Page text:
The death of brick and mortar book, video, and music stores at the hands of virtual, internet retailers is something we’ve all accepted as a consequence of technological advancement. That one third of US marriages result from online dating no longer seems weird. We’ve even accepted that we can, and will, know every thought in every one of our friends heads as they vomit them out in the social media hive mind for us.
One impact of technology and social media which hasn’t been as acknowledged is its impact on animal sheltering. One might not think technology could have as big an impact on animal shelters, but there is no doubt that it has started striking nails into the coffins of animal shelters as surely as Napster and iTunes did in the music industry. The social media, website, and e-commerce revolution which was embraced by an animal sheltering industry which proved to be an early adopter of technology- my animal shelter employed e-newsletters and web based marketing before my local bank did- has ultimately turned around to bite us.
That’s because it is a leveling of the playing field. Just as anyone can now self-publish and sell a book or can record, post, and sell their music, blog commentary (like I’m doing now), making anyone a “writer”, “musician”, or “editorial commentator”, so too can anyone now be a “rescue”. In the same way that the number of books and amount of music has exploded via micro-media outlets, the number of micro-animal rescues has exploded and it’s had the same impacts on brick and mortar shelters that internet based retailers had on brick and mortar stores. That is not to say more means better quality, but there is certainly more.
Like the record industry, most shelters didn’t see it coming and many still haven’t. We were the only game in town. If you wanted a pet and didn’t want to go to a breeder or pet store, you came to us. Chances are there was only one of us in a given county so we had a lock on your business. We could be as nasty as we wanted and have the most ridiculous policies. What were you going to do about it? We were the animal DMV. Granted, we all thought we were doing this for the right reasons and we viewed our monopolies as a grace to you, the ungrateful public who didn’t appreciate our work. While we paid lip service to wanting to “put ourselves out of business”, no one really believed it in our industry.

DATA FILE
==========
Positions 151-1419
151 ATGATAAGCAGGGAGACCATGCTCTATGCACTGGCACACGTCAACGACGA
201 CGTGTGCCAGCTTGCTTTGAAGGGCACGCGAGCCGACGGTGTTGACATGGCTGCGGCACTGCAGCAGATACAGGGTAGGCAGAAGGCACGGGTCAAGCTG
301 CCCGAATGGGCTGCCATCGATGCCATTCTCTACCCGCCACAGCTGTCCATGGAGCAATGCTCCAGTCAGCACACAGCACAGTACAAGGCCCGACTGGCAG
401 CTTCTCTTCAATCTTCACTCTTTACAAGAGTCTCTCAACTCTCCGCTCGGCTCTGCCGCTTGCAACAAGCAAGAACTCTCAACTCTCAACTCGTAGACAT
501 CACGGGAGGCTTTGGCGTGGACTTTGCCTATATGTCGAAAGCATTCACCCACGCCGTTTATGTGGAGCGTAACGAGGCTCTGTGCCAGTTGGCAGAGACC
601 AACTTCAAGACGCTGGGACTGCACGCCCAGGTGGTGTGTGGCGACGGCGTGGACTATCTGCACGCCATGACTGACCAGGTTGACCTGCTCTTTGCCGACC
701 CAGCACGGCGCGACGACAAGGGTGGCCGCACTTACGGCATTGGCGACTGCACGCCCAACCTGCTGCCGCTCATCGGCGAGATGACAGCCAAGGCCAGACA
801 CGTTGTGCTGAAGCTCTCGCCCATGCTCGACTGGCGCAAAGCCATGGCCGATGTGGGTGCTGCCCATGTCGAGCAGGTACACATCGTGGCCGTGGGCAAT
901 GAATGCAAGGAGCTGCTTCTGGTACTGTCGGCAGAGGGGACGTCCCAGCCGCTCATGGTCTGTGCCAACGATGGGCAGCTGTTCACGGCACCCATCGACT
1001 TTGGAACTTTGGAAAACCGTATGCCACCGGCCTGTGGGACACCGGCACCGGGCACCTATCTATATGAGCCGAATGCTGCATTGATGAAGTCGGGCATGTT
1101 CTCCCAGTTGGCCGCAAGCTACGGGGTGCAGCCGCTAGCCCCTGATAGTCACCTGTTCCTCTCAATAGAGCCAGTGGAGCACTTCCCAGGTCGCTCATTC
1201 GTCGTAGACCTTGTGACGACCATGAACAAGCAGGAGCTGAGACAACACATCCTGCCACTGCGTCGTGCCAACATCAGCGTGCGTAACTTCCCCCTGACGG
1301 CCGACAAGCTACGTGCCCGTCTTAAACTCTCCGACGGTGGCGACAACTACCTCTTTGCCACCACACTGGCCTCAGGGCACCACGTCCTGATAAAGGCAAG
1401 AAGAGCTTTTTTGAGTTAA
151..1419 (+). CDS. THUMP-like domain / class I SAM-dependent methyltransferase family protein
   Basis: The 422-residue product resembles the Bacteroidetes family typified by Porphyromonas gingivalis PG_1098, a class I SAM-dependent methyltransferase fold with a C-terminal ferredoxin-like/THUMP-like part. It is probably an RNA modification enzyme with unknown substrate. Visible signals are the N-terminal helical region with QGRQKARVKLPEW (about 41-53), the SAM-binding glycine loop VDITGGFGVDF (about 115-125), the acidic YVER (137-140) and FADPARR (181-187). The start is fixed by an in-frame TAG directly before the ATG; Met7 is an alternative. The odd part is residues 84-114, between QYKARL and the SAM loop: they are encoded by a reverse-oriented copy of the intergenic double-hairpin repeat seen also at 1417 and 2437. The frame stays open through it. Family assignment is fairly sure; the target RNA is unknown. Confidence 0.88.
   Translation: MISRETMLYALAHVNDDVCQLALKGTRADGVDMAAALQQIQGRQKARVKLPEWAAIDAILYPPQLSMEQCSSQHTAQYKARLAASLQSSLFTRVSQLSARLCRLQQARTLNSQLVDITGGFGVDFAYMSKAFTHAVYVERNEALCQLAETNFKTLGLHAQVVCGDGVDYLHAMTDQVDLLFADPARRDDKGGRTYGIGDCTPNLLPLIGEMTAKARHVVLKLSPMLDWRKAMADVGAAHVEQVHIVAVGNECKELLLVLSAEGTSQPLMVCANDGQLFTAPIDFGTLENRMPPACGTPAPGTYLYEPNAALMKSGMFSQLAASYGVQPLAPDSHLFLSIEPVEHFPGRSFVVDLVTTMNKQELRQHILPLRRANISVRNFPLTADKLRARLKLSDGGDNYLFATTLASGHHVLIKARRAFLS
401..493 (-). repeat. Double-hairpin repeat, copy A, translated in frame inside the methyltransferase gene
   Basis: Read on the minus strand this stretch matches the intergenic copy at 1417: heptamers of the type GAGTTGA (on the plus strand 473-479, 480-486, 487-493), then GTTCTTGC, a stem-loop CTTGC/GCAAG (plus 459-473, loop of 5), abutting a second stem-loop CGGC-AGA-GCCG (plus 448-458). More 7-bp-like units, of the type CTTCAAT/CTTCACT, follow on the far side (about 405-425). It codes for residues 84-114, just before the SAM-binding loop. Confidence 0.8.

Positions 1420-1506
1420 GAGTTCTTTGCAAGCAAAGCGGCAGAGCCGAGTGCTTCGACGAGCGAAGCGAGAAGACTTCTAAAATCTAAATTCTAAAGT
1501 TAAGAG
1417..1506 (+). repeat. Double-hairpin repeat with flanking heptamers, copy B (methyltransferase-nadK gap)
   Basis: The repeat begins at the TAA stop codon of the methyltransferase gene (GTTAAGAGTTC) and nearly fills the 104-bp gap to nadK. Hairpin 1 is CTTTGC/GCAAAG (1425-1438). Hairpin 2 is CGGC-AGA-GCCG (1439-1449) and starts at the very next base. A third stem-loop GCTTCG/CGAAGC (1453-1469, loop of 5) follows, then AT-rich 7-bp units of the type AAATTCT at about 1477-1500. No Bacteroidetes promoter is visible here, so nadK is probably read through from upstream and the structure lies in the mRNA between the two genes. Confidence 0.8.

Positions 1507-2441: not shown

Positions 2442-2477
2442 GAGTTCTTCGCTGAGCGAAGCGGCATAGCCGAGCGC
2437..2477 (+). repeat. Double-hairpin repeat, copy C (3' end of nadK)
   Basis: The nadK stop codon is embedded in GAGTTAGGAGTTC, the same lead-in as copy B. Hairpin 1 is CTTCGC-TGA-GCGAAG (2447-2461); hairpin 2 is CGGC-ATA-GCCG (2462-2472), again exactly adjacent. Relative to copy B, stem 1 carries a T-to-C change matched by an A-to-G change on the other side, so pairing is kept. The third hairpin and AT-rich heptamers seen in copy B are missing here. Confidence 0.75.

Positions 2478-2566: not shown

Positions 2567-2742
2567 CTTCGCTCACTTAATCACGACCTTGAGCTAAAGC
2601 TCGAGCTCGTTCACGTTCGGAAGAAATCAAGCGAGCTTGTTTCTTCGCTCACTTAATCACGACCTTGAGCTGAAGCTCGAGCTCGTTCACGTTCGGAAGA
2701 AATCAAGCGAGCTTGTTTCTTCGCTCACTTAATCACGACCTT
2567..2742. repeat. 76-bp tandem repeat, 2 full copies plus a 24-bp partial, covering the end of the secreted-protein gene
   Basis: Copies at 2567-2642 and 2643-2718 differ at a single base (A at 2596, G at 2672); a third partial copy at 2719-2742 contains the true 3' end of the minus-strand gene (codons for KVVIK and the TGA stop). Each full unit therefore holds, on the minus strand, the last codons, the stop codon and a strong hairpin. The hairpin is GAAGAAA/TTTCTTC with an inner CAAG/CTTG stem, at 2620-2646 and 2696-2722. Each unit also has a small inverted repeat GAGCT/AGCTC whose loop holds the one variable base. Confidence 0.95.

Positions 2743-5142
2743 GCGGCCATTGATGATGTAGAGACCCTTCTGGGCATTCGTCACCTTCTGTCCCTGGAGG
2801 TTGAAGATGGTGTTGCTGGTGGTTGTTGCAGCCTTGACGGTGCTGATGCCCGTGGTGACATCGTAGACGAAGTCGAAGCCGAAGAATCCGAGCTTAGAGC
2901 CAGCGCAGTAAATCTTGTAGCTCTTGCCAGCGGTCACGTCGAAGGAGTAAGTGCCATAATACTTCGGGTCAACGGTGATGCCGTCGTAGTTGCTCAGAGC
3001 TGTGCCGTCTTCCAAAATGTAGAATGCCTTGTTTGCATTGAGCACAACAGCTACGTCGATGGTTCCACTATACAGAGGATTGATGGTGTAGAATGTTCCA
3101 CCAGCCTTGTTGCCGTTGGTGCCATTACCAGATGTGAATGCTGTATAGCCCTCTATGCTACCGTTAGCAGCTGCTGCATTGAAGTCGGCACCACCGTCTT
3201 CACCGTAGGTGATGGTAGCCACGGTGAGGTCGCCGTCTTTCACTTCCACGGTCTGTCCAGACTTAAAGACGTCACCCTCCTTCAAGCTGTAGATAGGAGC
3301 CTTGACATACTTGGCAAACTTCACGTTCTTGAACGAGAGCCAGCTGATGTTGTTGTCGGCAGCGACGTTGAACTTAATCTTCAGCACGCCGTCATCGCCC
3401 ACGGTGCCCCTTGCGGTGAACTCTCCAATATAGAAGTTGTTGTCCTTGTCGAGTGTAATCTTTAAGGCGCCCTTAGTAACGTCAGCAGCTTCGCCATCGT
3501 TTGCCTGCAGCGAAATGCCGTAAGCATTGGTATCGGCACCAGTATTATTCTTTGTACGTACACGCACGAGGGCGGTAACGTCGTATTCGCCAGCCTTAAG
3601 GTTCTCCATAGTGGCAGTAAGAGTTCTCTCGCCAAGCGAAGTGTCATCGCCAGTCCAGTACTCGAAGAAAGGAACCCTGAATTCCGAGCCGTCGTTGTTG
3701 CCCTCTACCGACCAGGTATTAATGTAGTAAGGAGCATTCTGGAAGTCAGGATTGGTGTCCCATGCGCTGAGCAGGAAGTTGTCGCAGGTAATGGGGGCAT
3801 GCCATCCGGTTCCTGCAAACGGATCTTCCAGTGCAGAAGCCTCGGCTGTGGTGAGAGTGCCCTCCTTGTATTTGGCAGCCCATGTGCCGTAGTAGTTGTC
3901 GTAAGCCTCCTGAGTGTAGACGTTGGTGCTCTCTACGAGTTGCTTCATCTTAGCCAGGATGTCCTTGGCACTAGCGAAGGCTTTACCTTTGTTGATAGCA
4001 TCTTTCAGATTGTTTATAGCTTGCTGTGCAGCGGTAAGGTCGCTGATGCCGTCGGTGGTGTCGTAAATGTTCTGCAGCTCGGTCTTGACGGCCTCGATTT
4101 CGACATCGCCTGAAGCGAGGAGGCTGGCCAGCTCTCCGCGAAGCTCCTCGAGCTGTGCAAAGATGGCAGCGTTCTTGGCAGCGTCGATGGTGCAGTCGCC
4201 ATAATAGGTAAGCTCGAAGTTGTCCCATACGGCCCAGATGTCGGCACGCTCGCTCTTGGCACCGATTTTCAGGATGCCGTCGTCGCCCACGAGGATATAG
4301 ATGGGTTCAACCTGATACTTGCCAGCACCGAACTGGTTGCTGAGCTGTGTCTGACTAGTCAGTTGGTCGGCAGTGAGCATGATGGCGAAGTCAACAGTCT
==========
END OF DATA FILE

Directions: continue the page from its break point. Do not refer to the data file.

The worm has turned. With the advent of two way (million way) communications on Facebook, even the old web based pet listings like Petfinder seem quaint, let alone our proprietary websites’ listings. People first posted pictures of animals at shelters whose clocks were ticking down to extermination, and those animals could be rapidly and widely shared, and were almost inevitably adopted. Then people began to realize that if they posted a picture of their own unwanted dog, they could do the same and never have to bring it to a shelter. Then, people began to think, hey, I can set up my own virtual rescue and not even need a building, I can just connect pets and people directly. With the help of the Google, they even began to make it official and filed for 501c3 status and ordered car magnets as the new executive director of Susie Sunshine’s Cute Little Puppy Wuppy Rescue (tax deductible as allowed by law).
The most recent turn was perhaps the least expected. It’s the creation of virtual animal control services, which allow people to post lost and found stray pets on Facebook and rapidly connect finder and losers so that strays never enter shelters. We have a couple locally and I even nominated one for a Red Cross award this year- they won- because they are so effective.